Dante wanted a very ‘clean’ designed Waffenrock , with just some slashes for decor. This kind of slashes is made by just cutting a diagonal slash and when attaching them I simply stretch the fabric slightly to open them up (read more about how to slash here).
The front is side closed with hooks and eyes, just along the inside of the slashed band. The placement of the hooks and eyes was placed there because I wanted the front decoration to be still visible even if he choose to unhook the top hooks due to the heat of California.

IMG_1171.JPG

The slashes before and after I attach them to the blue fabricIMG_1175.JPG

Markings for the vertical slashesIMG_0893.JPG

How the front opensIMG_1028.JPG

The hooks and eyes are all handmade, based on a 16th c Spanish finding

IMG_1176.JPG

The main design of the Waffenrock is inspired by the left picture, but instead of velvet and brocade I use wool fabric that Dante provided. The slashed decoration and the shorter sleeves is inspired from the two smaller woodcuts.

IMG_1184.JPG

Different ways to slash your 16th century German outfit

Handsewn slashes may look very neat, but all of us who have done it also know that it is a very time consuming sewing technique, and requires a great amount of patient when you slowly work your way through slash after slash. When doing commissions for others I’ve have therefore been working on different period solutions and alternative to keep the cost down for the costumer, and make my outfits available for a larger group.

The slashing techniques I use can be defined in three different categories;

1) Hemmed slashes
A technique very useful for light weight wool fabrics, velvet, brocade or other fabrics that fray easily. (read more about how I use the technique on wool here). It’s most commonly seen on Saxon dresses.

IMG_1143-0.JPG
A) “Herodias” by Lucas Cranach the Elder, 1530. The slashes seems to be stitched to prevent the fabric from fraying.
B) painting by Cranach. The shape of the slashes may inquire that it has been cut and the edges folded and stitched to the backside since brocade would be fraying to much to have just been cut open without any treatment.
C & D) paintings by Cranach. Another fabric can be seen along the outline of the fabric, indicated that each slash may be folded and the slashed seem is protected on the inside by lining with another larger piece of fabric, adding an extra decoration on the sleeve.

2) Straight cut slashes
The technique relies on the movement of the fabric to open up the slashes, some times padding is added to help

IMG_1129.JPG
A) Detail from Holbein’s Martyrdom of St. Sebastian. The detail shows a close up of the slashings and if you use a felted wool and slash it, the fabric would behave very similar to the painting.
B) Detail from Graf’s The Bearer of the Banner Canton Glarus. The sleeves is slashed and then the slashing is slashed as well, which gives you a straight cut profile that indicates no treatment has been made on the slashes
C) Aldegrever’s Portrait of Albrecht Von der Helle. A slashed decoration on a goller, which has probably a adding underneath the puff fabric to give a it a raised look as well as open up the slashing.

3) Cut or punched slashes
Pinking tool has been found in England, and is basically a shaped sharp piece of metal which you punch a hole with. The shape of the hole is based on the shape of your tool. If you don’t have a pinking tool available in the right shape, cutting out the slash with a small scissors is also an option to achieve the right kind of slash.

IMG_1149.JPG
A) Stoer, 1525-1530, Landsknecht Tailor
B) Breu the Elder, 1525-1530, Bastl Machenstreit/Profandmeister *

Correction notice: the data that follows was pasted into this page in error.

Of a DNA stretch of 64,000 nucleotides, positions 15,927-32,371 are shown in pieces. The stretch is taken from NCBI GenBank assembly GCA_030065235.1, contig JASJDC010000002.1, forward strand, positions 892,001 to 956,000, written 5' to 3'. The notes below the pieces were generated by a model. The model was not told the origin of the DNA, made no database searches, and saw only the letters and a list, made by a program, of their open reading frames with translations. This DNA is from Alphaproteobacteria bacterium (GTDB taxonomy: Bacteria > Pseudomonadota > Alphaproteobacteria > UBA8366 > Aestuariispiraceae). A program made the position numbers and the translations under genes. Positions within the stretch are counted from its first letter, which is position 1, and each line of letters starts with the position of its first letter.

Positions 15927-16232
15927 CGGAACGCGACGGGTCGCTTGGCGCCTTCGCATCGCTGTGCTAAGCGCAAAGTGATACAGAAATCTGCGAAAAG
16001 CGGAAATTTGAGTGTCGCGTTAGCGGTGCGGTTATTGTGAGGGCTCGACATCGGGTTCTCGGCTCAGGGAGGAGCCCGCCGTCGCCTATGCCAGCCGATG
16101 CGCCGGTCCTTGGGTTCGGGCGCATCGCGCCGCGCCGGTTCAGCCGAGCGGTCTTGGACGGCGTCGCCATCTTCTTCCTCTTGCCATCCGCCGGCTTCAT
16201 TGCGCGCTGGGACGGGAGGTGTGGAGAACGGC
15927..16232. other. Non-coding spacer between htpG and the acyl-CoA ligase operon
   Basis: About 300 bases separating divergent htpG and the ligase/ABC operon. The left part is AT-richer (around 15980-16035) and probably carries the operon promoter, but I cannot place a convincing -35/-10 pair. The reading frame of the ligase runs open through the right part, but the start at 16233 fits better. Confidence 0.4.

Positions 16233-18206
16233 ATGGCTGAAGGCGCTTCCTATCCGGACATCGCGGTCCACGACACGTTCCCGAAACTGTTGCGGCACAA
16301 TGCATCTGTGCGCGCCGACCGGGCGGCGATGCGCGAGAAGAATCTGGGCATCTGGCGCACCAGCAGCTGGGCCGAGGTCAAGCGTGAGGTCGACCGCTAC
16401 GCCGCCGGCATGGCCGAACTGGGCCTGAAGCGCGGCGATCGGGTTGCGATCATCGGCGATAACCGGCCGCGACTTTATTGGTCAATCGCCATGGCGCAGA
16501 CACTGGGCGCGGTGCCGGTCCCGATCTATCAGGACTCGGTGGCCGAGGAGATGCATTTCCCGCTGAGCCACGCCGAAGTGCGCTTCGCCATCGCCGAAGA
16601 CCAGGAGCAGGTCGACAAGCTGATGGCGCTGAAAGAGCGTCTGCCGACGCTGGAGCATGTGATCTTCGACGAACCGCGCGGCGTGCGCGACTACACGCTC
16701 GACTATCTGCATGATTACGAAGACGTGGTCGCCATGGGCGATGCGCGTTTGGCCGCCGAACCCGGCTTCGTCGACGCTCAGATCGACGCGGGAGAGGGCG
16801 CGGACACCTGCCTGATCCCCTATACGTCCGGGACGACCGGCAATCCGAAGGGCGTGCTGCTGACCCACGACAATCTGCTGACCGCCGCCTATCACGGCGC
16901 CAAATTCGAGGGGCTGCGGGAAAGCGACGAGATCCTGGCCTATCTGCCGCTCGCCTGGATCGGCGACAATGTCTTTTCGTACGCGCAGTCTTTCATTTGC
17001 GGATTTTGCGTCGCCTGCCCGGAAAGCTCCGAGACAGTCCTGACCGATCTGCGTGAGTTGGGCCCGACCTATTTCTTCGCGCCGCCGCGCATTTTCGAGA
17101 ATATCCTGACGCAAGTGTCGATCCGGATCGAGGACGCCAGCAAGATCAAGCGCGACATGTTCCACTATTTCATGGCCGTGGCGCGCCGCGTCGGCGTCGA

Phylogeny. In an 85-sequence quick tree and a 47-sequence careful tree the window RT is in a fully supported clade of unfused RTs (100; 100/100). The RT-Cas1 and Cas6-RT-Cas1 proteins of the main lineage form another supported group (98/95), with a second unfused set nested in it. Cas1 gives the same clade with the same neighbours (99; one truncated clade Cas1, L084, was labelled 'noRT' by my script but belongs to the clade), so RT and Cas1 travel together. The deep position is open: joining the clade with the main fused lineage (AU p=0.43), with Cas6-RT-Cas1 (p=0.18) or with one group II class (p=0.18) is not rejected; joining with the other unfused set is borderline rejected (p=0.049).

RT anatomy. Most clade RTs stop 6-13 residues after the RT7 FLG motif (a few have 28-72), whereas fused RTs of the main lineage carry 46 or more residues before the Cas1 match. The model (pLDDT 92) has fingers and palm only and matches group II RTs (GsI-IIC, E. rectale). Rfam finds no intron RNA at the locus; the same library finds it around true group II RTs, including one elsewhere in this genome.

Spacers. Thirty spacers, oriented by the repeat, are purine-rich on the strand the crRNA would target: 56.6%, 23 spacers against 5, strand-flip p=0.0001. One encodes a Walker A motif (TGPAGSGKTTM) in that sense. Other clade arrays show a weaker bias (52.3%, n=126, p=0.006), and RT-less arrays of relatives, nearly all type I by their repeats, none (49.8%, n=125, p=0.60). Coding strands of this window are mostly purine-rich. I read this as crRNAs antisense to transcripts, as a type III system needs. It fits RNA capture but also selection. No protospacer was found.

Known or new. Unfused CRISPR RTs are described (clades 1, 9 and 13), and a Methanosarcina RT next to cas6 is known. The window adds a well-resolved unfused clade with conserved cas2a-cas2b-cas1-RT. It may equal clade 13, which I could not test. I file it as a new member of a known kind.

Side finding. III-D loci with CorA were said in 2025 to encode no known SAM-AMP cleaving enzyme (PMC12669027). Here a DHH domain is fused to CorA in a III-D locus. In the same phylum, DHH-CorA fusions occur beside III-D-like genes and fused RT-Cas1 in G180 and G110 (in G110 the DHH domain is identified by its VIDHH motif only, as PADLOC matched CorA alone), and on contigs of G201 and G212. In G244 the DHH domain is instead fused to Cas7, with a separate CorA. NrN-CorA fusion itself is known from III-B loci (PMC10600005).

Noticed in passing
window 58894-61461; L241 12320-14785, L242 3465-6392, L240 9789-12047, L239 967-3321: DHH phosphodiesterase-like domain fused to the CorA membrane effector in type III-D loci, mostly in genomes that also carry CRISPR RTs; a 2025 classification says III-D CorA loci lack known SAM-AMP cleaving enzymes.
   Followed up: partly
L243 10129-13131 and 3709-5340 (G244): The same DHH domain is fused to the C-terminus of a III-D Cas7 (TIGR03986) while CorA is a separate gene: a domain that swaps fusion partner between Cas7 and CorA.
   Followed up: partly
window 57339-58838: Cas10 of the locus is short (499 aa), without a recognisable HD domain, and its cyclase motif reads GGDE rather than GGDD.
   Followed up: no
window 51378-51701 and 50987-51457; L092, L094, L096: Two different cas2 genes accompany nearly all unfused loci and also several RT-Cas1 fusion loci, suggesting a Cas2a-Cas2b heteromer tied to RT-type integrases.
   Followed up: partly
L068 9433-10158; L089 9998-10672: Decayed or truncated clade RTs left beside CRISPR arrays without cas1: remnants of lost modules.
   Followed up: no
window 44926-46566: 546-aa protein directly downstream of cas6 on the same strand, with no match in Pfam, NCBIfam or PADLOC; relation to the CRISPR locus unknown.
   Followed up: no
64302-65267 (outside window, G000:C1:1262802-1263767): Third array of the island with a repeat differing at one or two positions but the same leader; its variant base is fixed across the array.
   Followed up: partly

C) Breu the Elder, 1520-1530, Eberlein trit herein*
D) Schön, 1530, Landsknecht met Hellebaard*

IMG_1150.JPG

Slashed surviving examples of Landsknecht clothing has not yet been found, and the most common surviving examples of slashed clothing is made out of leather; an example of the three different techniques on leather

IMG_1135.JPG
A) Jerkin, England, 1550-1600. Pinked decoration in shape of stars, diamonds and hearts.
B) Doublet, England, 16th century. Cut slashes.
C) Painting of a Nobleman, Monogrammist GR (Germany) c. 1555. Slashed leather with possible metal thread decoration around the edges.

Which technique that is to be used may vary between where on the body of the garb I’m working on, what kind of material I’m using (light weight wool frays easier then felted wool, for example) and in some cases also on what type of status or trade the outfit is inspired from; a foot soldier or an officer or if they are a tailor or anything else.

What kind of technique used can’t always be determine by studying a woodcut or a painting, there isn’t enough details to study or the artist may have not consider that detail being important or sometimes you just can’t see if the slashing is cut or punched by a tool.

* woodcuts from Landsknecht Woodcuts; Kriegsvölker im Zeitalter der Landsknechte, G.A Johann, B. Enkevoerth, J. Von Falke

16th c Apron with Whitework Embroidery

It all started with me stumbling over an picture a friend posted on Facebook, she was hem stitching a veil, using Drawn Thread Work, and that made me suddenly realize this was the technique used on the collar of a 16th century shirt I was studying in a book. Four months later, after pinteresting and youtubing and asking friends, I decided to test it out on a bigger project.

The technique of removing a thread and stitch it into a pattern was used during the 16th century in a large area of Europe, though my research is focused on Italy, England, Sweden and Germany for various reasons.

The term whitework embroidery is a term used by L. Arthur to describe different techniques where you use white thread on white or natural coloured fabric, and since I haven’t yet figure out how to correctly translate the Swedish terminology of the different kind of techniques I’ve used, I decided to simply simplify it by using either Whitework Embroidery (vitbroderi) or Drawn Thread Work (utdragsöm). For those who may speak Swedish or want to google images and YouTube clip in a foreign language, you can also search for hopdragsöm, tränsad hålsöm, stolphålssöm, spindlar, snodd stolphålssöm and genombrutet broderi